Royal Air Force Typhoon jets have returned to their Lincolnshire base after completing the NATO Baltic Air Policing mission and handing over to Gripen aircraft from the Czech Air Force.
Over the four-month deployment, known as Operation Azotize, RAF Typhoons conducted a total of 21 interceptions of 56 Russian aircraft in the skies above Estonia.
The RAF fighter jets were in Estonia, as the UK took its turn in a routine NATO deployment. The deployment was at the request of the Estonian Government, to provide the country with a Quick Reaction Alert (QRA) force. This force is drawn in turn from NATO partners and is ready to respond at any time to potential threats and to intercept aircraft straying towards NATO airspace.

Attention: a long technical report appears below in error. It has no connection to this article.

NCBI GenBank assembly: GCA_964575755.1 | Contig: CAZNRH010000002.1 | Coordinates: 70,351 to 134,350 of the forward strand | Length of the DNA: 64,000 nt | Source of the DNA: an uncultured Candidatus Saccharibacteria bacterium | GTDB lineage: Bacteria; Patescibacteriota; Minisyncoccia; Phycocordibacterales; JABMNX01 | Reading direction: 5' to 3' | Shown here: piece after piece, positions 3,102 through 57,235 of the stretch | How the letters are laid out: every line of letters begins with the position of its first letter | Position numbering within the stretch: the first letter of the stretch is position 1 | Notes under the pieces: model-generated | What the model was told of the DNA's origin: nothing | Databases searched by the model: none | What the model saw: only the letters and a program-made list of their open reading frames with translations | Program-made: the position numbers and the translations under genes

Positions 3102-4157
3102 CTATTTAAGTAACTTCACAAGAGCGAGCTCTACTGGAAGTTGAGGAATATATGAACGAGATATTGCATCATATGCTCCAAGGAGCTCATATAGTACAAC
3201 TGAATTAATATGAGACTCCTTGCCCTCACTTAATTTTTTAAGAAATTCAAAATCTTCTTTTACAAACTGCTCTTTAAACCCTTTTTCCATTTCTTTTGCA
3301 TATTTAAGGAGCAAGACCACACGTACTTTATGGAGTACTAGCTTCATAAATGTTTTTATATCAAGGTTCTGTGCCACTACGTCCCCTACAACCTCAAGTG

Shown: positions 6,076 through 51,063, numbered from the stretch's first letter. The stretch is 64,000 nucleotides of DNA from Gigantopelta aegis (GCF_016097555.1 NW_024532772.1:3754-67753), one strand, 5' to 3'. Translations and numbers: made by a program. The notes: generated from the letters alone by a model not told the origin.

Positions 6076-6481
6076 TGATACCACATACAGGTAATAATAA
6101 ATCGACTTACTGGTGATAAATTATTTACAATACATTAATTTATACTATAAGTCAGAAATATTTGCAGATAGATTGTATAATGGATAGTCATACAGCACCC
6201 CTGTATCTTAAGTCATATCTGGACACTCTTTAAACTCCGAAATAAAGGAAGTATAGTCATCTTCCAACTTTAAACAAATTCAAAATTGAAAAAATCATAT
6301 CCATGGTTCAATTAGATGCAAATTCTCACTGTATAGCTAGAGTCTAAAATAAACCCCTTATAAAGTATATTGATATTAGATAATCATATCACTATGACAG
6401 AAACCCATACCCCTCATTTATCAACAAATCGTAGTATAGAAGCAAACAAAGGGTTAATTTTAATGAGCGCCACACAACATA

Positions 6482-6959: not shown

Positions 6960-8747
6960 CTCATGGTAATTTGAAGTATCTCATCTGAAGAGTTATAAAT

The deployment has been a further demonstration of the UK’s enduring commitment to the security of the Baltic region and the wider NATO alliance.
“Throughout their deployment in Estonia, the world-class pilots, engineers and support personnel of our RAF Typhoon detachment have ensured that the Baltic skies have been patrolled safely and skilfully. Our presence in the region has served to reinforce that the UK remains ready to support our allies wherever and whenever required”, said Ben Wallace, the UK Defence Secretary.
The Typhoon squadron was supported throughout the deployment by 121 Expeditionary Air Wing (EAW), also based at RAF Coningsby. The EAW comprised men and women from a range of branches and trades needed to keep four state of the art aircraft operating for several months away from home.